The (distant) PostgreSQL 9.5 release is expected to have a new row-level
security feature. This
article from Michael Paquier describes how to make use of it.
"This row control mechanism is controlled using a new query called
CREATE POLICY (of course its flavor ALTER POLICY to update an existing
policy and DROP POLICY to remove a policy exist as well). By default,
tables have no restrictions in terms of how rows can be added and
Christian Schaller has a lengthy update on the progress of Fedora 21. He looks at a number of different features, including Wayland, GNOME 3.14, software installation (dnf and "Software"), and more. "This also highlights one of the advantages of the new Fedora product model where we have one clear desktop product we are targeting, that we can define operating system standards for things like application metadata and apply them to the system as a whole.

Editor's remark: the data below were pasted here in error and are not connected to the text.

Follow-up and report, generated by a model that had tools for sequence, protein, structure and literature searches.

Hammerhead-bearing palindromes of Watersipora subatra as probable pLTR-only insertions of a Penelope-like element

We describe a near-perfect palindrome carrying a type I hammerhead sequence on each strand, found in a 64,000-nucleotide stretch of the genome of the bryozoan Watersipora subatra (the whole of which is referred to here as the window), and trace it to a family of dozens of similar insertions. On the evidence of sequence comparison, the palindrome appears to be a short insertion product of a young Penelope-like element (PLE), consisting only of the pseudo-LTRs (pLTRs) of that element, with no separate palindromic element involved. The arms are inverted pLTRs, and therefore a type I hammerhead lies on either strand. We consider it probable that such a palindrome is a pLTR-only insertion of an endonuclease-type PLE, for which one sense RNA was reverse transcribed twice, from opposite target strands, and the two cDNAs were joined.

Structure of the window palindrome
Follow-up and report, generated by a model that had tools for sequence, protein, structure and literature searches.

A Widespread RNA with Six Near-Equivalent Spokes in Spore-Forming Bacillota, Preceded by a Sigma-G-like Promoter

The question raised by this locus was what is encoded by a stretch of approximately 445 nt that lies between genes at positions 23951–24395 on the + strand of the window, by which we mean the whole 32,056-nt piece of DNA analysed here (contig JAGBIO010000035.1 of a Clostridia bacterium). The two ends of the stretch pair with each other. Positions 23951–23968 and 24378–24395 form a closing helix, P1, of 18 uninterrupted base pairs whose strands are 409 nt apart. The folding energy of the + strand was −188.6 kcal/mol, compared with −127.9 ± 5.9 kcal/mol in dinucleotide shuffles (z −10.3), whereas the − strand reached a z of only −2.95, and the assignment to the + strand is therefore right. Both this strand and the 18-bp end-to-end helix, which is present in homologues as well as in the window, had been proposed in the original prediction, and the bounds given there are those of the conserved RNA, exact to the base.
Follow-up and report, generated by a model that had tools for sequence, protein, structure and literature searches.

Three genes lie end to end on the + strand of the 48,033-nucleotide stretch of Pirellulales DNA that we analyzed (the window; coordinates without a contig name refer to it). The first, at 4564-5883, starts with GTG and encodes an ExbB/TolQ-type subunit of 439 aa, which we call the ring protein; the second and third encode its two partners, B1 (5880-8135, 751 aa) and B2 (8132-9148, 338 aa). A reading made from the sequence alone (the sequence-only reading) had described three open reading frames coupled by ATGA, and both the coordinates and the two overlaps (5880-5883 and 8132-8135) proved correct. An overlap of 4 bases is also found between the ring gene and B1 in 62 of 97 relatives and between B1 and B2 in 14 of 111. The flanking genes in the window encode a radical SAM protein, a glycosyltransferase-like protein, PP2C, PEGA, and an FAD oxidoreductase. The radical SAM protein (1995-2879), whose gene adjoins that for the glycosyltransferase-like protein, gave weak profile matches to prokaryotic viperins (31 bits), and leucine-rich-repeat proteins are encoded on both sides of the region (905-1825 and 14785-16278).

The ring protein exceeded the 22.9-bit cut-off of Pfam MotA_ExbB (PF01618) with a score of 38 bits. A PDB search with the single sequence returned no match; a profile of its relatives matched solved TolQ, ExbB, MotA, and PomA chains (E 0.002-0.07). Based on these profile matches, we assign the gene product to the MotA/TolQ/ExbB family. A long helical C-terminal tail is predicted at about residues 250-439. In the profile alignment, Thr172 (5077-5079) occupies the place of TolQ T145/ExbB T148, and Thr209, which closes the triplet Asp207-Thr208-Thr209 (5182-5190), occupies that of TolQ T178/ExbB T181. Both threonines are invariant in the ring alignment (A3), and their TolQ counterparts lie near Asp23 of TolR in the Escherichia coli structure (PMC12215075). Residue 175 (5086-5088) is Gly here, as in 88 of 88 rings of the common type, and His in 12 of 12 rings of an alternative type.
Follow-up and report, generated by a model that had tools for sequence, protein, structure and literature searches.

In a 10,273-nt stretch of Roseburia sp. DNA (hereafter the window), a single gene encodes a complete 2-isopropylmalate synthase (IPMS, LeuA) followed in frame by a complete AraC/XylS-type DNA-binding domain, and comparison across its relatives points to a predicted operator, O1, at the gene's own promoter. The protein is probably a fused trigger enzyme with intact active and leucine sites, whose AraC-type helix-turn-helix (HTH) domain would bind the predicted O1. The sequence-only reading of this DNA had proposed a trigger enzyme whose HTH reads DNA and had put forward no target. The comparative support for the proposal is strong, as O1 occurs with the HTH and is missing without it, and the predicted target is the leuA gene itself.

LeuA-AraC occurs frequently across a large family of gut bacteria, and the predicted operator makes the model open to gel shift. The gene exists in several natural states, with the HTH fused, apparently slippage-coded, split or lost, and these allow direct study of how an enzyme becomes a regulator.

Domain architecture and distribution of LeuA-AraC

Those interested in the more recently discovered bash vulnerabilities will
likely want to have a look at this detailed posting from Michal Zalewski.
Then make sure your systems are updated. "I initially shared the findings privately with vendors, but because of
the intense scrutiny that this codebase is under, the ease of
reproducing these results with an open-source fuzzer, and the
now-broad availability of upstream mitigations, there seems to be
relatively little value in continued secrecy."
The long-awaited OpenWRT 14.07 release is out. It includes an update to
the 3.10 kernel, a new init system (procd), improved IPv6 support, support
for system snapshots and rollbacks, support for dynamic firewall rules, a
new MDNS daemon, DNSSEC validation support, and more.
The LWN.net Weekly Edition for October 2, 2014 is available.
It's been a crazy week for the Bash shell, its maintainer,
and many Linux distributions that use the shell. A remote code-execution
vulnerability that was reported on September 24 has now morphed
into multiple related vulnerabilities, which have now mostly been fixed and
updates released by distributions. The
vulnerabilities have been dubbed "Shellshock" and the technical (and
mainstream) press has had a field day reporting on the incident.